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56 of 57 people found the following review helpful
5.0 out of 5 stars full of useful insights
This book was first published in 1959 but it has not dated at all. It is a fascinating read. Goffman explains how every social transaction can be viewed as a performance. We all create and give out impressions to others. We also learn how, in life, to control and consciously alter the impressions we give out. Groups or teams of people co-operate in order to shape the...
Published on 26 May 2006 by Luke Dunn

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6 of 14 people found the following review helpful
3.0 out of 5 stars Goffmans Self in Everyday Life
I had to write a book review on this particular book and to be honest found it a very difficult read at first. However, i persevered and by reading round and other commentators on Goffmans work I have found it to be insightful in how I now look at individuals - he is right - we are all actors - THE DRAMATURGICAL SELF:
PLAYWRIGHTS - They create their own Social...
Published on 19 Nov. 2007 by Kathryn Wilbraham


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56 of 57 people found the following review helpful
5.0 out of 5 stars full of useful insights, 26 May 2006
By 
Luke Dunn (Ramsgate, UK) - See all my reviews
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This review is from: The Presentation of Self in Everyday Life (Penguin Psychology) (Paperback)
This book was first published in 1959 but it has not dated at all. It is a fascinating read. Goffman explains how every social transaction can be viewed as a performance. We all create and give out impressions to others. We also learn how, in life, to control and consciously alter the impressions we give out. Groups or teams of people co-operate in order to shape the impressions and interactions of the team. Interpretations of situations are radiated and conflict or consensus is managed. There are plenty of wide ranging examples of how the 'dramaturgical perspective' works, from waiters in restaurants to lawyers in court. This book changed my life and helped me see that experiences of intense embarrassment or shame are common consequences of our need to maintain face and manage personal presentation in the play-act of life. Also discussed are regions, roles and con-tricks. All the world's a stage and we are merely players... just don't hide behind the mask more than you need to!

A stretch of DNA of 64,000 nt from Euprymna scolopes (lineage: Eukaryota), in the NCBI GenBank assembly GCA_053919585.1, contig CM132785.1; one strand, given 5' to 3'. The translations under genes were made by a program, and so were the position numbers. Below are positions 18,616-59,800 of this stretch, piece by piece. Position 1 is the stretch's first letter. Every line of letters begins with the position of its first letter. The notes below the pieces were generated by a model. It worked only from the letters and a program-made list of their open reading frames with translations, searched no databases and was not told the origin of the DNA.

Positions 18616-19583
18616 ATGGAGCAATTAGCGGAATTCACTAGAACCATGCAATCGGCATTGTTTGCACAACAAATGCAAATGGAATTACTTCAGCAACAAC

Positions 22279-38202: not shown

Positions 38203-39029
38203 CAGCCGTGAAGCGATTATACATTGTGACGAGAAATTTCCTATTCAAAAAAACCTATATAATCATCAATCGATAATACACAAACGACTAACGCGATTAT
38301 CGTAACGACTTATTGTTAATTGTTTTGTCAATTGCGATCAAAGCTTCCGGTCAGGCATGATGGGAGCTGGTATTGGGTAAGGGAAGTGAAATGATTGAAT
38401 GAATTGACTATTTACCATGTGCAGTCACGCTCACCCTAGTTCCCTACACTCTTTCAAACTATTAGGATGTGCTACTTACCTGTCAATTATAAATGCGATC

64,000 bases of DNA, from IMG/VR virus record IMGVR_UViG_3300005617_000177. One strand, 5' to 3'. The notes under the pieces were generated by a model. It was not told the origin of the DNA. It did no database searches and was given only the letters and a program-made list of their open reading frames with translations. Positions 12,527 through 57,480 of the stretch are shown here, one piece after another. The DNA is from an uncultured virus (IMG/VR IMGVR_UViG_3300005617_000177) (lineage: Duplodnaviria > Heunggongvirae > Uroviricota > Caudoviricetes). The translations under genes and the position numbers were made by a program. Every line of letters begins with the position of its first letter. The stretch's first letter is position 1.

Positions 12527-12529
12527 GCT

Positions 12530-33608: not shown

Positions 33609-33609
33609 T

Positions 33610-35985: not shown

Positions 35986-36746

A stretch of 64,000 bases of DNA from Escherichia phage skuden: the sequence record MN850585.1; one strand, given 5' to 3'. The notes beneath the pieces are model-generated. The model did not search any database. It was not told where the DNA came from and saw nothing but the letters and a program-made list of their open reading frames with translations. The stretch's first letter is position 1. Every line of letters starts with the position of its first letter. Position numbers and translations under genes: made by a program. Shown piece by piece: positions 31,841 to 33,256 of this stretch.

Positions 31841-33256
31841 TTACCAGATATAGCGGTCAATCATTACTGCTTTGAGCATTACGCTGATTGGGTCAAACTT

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6 of 6 people found the following review helpful
4.0 out of 5 stars Drama, poetry and reflection on social interaction, 5 April 2013
By 
A. O. P. Akemu "Ona" (Rotterdam, The Netherlands) - See all my reviews
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This review is from: The Presentation of Self in Everyday Life (Penguin Psychology) (Paperback)
Erving Goffman's theoretical framework in this book is breathtakingly simple: modern social interaction is like a stage performance. Social interaction takes place within a social establishment (a place surrounded by fixed barriers to perception a.k.a. the theater) and includes a team of performers (actors) who cooperate to present to an audience a given definition of the situation. The stage for this interaction is divided into a front region (which the audience sees) and a back region (hidden from the audience). The actors and the audience tacitly agree to act out roles - doctors and patient, lawyer and client, waitress and patron etc. The implication of his framework is that the individual self is not a constant, unchanging entity. Instead, the self is multifaceted, morphing to suit the stage performance and thereby creating social order. Goffman illustrates the framework by drawing examples from his research in the Shetland Islands and other social science research on such topics as the women's role in the home and on race relations in the U.S. South.